• Countryside The jungle look
  • Country life Leisure island

Tan-hungry bodies beautiful come for Bali's sun, sand and surf; fashionistas flock to the Seminyak night scene, and urban escapists head here for stress-easing jungle tranquillity.

Recently, a spate of chic restaurants has sprouted, making the island a regional culinary hotspot while – peculiarly for Muslim Indonesia – its largely Hindu religious heritage has dotted its jungles with architecturally intriguing temples and marked its calendar with an endless string of festivals. Bali is the all-in-one destination; no other place in south-east Asia can compete with its combination of culture and history, gorgeous beaches, lush tropical vistas, great shopping, good people, sexy hotels, sensual spas, and sleek bars and restaurants. Your only problem is deciding what to do each day…

Do go/Don’t go

No check-ins or check-outs are allowed on 17 April 2018, when Bali observes Nyepi Day (Day of Silence), although stays are still possible. Bali’s airport also closes for the day. July to September is Bali’s high season, when the temperature and climate are at their most appealing. Fans of peace and quiet may want to avoid August, the busiest period, but don’t leave it later than early October because after this point, the rain clouds start to gather.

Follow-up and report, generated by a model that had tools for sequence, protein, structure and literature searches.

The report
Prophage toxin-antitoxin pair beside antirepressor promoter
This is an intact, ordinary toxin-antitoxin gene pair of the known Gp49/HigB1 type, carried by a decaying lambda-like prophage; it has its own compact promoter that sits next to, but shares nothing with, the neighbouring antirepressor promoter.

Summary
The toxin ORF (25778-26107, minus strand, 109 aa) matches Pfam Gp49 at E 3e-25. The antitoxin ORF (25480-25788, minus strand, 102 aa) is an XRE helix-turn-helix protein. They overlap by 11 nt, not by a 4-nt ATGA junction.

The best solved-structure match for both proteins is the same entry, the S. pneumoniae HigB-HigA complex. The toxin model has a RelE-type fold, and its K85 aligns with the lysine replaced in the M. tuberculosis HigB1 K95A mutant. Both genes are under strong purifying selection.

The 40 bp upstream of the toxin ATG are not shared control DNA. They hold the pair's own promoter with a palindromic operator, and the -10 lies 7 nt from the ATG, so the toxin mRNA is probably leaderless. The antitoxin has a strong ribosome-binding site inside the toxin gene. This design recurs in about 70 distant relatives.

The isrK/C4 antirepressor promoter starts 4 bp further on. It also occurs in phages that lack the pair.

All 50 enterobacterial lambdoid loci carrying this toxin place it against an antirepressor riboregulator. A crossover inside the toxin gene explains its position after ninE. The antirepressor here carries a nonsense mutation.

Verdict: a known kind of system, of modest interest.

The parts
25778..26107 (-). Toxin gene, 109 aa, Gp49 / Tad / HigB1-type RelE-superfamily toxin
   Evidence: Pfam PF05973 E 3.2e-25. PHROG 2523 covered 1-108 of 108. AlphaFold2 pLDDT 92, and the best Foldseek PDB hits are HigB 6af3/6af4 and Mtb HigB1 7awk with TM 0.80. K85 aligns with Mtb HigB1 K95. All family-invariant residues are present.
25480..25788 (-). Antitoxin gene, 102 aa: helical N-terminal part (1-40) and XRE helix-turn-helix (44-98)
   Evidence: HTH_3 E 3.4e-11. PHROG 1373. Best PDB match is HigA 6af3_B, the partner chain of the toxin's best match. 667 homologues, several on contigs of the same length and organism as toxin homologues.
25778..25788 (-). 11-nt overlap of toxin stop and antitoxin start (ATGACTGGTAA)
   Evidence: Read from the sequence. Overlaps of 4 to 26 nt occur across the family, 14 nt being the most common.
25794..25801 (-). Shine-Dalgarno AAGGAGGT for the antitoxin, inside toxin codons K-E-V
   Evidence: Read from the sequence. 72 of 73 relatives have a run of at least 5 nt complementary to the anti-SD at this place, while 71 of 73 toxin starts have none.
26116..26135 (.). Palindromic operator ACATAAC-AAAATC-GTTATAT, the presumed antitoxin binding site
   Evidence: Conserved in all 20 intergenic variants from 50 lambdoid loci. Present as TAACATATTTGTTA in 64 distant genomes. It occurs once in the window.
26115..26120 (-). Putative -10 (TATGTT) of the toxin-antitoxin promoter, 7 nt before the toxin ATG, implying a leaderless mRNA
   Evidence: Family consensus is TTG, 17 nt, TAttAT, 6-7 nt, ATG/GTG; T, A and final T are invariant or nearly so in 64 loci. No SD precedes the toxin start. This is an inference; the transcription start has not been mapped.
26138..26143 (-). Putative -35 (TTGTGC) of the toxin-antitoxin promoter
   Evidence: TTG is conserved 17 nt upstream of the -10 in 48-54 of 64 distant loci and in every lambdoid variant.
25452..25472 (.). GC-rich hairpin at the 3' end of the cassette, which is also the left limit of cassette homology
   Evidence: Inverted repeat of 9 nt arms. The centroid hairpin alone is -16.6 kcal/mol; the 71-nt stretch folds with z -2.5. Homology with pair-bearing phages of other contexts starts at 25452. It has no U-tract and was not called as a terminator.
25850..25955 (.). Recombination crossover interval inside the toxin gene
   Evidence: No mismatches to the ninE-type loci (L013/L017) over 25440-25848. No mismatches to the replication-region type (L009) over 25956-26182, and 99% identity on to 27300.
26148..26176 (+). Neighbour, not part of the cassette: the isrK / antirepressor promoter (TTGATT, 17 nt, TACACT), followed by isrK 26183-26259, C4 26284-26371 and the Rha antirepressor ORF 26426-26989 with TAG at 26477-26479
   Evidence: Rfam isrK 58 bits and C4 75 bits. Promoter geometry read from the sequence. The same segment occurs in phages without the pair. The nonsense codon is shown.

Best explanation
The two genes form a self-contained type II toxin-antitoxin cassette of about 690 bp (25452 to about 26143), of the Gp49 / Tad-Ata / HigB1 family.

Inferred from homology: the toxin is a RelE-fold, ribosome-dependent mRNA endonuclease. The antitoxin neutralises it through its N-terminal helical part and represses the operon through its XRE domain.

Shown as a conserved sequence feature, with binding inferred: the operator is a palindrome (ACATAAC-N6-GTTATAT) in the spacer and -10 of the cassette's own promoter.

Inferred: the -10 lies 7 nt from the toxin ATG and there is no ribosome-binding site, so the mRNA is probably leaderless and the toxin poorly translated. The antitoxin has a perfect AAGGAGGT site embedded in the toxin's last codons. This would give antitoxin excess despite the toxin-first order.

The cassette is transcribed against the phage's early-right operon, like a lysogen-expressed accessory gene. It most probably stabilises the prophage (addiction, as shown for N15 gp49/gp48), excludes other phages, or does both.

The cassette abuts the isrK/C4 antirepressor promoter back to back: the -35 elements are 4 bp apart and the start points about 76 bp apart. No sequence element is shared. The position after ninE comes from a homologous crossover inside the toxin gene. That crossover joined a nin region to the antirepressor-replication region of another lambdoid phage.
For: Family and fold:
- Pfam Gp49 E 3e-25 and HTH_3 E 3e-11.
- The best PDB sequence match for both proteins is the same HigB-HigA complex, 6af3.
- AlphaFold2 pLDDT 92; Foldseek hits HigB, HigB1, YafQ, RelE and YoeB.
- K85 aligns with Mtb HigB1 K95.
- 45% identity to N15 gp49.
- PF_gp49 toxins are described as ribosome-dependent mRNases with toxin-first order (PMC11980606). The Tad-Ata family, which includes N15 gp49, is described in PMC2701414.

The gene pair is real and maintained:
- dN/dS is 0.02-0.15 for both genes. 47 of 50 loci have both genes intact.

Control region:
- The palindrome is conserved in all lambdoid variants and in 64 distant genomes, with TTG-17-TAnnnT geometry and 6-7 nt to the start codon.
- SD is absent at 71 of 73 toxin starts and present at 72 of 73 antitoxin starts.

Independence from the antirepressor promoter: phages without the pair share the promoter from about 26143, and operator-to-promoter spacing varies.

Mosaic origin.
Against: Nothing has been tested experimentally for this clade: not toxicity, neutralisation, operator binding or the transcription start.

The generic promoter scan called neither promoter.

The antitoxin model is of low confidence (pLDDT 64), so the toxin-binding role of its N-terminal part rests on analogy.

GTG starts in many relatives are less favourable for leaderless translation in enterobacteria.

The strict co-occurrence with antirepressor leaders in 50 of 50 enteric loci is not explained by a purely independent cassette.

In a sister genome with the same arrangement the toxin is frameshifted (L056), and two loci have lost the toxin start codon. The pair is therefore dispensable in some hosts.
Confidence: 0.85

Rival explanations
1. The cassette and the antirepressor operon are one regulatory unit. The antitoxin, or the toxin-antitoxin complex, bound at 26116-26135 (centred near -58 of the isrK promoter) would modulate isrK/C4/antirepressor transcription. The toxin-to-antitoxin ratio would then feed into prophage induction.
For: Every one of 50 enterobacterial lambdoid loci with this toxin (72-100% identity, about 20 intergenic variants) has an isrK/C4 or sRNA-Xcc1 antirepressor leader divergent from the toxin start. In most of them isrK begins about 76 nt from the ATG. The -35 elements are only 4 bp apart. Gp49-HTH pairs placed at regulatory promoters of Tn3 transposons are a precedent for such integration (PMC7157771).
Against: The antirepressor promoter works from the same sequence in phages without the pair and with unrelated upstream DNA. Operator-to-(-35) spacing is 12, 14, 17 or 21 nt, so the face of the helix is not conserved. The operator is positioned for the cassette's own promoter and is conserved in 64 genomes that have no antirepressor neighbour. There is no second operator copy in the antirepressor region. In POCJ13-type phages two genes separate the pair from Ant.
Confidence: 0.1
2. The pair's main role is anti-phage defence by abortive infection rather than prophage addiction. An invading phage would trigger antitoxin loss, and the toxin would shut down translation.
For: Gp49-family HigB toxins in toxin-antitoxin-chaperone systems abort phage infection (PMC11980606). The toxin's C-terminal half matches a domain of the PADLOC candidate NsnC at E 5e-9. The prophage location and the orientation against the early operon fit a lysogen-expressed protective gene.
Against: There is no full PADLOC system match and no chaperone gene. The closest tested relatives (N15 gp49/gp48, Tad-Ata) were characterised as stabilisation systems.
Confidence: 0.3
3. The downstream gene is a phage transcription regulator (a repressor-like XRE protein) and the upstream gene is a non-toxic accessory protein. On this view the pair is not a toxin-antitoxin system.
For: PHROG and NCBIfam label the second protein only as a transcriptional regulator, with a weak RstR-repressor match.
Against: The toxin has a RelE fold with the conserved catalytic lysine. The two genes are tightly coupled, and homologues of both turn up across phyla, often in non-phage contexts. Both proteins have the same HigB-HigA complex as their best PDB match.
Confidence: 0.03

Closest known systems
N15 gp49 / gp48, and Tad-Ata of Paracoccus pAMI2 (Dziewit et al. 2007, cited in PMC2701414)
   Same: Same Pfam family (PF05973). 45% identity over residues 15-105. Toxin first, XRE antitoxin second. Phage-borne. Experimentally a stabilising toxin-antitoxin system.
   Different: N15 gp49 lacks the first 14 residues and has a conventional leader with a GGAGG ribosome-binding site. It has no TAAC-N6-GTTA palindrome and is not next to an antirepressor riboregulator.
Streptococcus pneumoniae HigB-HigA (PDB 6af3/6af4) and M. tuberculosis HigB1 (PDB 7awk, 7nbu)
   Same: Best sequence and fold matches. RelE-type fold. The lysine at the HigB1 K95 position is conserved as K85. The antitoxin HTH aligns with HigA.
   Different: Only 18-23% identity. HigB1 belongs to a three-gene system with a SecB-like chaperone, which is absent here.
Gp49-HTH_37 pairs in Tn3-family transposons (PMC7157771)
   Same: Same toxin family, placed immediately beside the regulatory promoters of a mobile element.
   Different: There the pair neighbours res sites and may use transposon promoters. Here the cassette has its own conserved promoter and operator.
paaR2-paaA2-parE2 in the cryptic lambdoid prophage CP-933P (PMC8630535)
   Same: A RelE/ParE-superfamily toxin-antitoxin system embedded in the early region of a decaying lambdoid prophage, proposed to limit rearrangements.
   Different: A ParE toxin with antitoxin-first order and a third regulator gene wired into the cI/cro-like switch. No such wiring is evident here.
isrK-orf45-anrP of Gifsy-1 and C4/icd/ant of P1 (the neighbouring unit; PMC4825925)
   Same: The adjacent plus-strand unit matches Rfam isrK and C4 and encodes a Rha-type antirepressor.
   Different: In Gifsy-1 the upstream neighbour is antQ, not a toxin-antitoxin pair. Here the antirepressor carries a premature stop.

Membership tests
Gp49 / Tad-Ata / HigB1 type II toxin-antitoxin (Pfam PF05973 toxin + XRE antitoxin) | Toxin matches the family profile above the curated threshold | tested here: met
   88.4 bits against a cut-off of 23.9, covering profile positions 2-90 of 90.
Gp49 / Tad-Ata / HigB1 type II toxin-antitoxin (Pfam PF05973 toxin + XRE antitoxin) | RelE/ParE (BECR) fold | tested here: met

Getting thereView map

  • Planes Fly into Bali’s Ngurah Rai International Airport (www.baliairport.com), south of capital Denpasar and within easy reach of Seminyak, Canggu, Jimbaran Bay and the Bukit Peninsula (Ubud is a tad further away). It's served by a host of global carriers including British Airways, Cathay Pacific, Singapore Airlines, Qantas, Jetstar and AirAsia. You can buy a Visa on Arrival, if required, for 30 days for US$25 (bring US dollars cash to speed your progress through the queues). Many hotels offer free transfers or you can pick up a taxi easily at the airport. Some hotels can also fasttrack you through immigration and customs on arrival or departure.
  • Boats Ferries nip back and forth from Java to Gilimanuk in Western Bali regularly, although they’re far from the smoothest of rides.
  • Automobiles You can rent a car at the airport to explore the island easily enough (although you’ll need to pick up a tourist driving licence) but given Balinese drivers’ rather ‘informal’ approach to the rules of the road and the narrow, bumpy streets it’s not exactly recommended. Chauffeur-driven cars are readily available at keen rates.
  • Taxis Your hotel will be able to arrange legit, metered taxis on request. The best of the bunch is Bali Taxi (+62 (0)361 701 111), whose blue cabs are clean, safe and charge a fair fare.